Louisiana personal injury and disabling injury attorney Loyd Bourgeois can help you recover damages for medical bills, ongoing medical treatment, property damage, and other accident-related expenses. For a free, no-obligation conversation about your case, call us today at (985) 240-9773.

  • Is the settlement offer from the insurance company fair?

    When you are injured in an automobile crash or car accident, sometimes the insurance company will make you an offer to settle your claim.  You wonder – is the offer fair?

    The simple truth is – there is no way to answer this without knowing much more about your case.  Some things that you need to consider before YOU DECIDE if the offer is fair include the following:

    1. Is this settlement offer fair?Your financial loss. 
      • How much are your medical bills? What about in the future?
      • How much will you have to pay to repair your car?
      • Did you suffer other property damage?
      • How much have you lost in income or potential income because of your injuries?
      • What about other financial losses – like fringe benefits?
    2. The extent of the injury. 
      • Will you get better?  Is that certain? 
      • What long-term medical treatment and therapy is needed?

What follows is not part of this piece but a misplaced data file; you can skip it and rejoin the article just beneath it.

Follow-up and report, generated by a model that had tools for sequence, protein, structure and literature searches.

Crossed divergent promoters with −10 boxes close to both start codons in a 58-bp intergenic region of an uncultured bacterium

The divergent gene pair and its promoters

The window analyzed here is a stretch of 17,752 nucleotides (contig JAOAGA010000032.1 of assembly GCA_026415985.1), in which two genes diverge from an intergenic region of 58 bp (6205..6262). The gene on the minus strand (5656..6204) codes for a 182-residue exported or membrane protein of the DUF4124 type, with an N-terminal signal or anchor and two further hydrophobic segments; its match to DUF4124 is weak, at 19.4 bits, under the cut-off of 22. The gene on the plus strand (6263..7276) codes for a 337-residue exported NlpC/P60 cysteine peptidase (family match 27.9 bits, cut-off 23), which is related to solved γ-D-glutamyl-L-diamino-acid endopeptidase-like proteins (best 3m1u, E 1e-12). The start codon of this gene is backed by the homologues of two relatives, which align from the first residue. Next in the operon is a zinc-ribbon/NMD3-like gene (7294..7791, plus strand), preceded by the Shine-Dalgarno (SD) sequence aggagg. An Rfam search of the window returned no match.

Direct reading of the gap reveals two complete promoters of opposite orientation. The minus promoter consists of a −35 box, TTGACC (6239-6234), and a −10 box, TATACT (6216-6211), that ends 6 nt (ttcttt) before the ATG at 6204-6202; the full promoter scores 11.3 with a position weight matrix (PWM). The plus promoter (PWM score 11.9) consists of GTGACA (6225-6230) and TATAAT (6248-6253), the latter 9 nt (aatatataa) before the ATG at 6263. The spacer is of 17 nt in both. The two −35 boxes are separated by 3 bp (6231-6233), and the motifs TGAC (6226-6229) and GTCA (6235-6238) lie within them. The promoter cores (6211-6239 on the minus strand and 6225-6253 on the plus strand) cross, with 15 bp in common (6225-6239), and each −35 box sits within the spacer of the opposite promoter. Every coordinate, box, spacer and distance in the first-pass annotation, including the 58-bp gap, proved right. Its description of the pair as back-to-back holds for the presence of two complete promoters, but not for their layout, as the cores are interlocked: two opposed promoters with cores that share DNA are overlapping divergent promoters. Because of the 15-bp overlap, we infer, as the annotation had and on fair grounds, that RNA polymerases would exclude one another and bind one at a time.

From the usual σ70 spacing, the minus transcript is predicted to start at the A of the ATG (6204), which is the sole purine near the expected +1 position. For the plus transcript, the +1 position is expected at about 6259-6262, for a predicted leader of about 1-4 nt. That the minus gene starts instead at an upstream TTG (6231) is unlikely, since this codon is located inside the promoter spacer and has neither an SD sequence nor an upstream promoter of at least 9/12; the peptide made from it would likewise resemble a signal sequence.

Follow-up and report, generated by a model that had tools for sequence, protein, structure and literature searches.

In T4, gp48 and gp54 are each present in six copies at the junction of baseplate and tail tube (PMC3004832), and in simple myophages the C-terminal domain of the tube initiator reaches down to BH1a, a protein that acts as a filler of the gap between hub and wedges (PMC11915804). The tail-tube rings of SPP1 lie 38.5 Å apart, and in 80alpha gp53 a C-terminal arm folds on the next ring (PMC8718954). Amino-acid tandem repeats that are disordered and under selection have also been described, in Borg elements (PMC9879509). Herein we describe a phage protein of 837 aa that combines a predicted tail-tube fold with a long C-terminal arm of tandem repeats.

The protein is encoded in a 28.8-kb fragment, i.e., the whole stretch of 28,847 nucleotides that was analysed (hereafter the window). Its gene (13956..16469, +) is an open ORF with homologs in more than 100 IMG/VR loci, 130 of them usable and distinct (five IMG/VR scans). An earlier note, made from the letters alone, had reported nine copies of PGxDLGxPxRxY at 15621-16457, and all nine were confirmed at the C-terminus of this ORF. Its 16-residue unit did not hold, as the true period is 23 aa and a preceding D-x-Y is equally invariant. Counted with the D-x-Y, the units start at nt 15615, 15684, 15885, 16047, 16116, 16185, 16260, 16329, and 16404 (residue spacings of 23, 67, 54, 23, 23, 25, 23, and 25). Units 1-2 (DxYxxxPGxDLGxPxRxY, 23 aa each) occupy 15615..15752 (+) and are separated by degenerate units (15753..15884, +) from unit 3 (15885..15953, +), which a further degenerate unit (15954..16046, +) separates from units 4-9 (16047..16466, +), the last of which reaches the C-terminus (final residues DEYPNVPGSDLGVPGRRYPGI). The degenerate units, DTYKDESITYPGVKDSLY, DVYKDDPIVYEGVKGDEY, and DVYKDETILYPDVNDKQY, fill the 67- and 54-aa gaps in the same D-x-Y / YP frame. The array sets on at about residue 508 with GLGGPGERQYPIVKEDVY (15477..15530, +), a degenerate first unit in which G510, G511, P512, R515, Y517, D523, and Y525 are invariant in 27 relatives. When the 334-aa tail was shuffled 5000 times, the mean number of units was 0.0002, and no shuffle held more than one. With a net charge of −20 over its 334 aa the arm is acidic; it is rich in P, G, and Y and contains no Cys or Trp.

• Do you have to purchase medical supplies, such as a walker or a wheelchair?
      • How has your life been impacted – housework, hobbies, events?
    3. The emotional impact. 
      • Did you suffer any emotional impacts – anxiety, depression, PTSD?
      • Have you had to seek counseling?
      • How have your relationships been impacted?

    These are just a few areas that You need to explore before you decide if your offer is fair.  There are others. 

    If you need help evaluating whether you were offered a fair settlement from an attorney, Louisiana Disabling Injury and Louisiana Personal Injury attorney Loyd Bourgeois at Louisiana Disability Law can look at the specifics of your case to help you decide what is fair in your Louisiana personal injury lawsuit. Contact us for a FREE NO OBLIGATION conversation about your insurance offer – (985) 240-9773.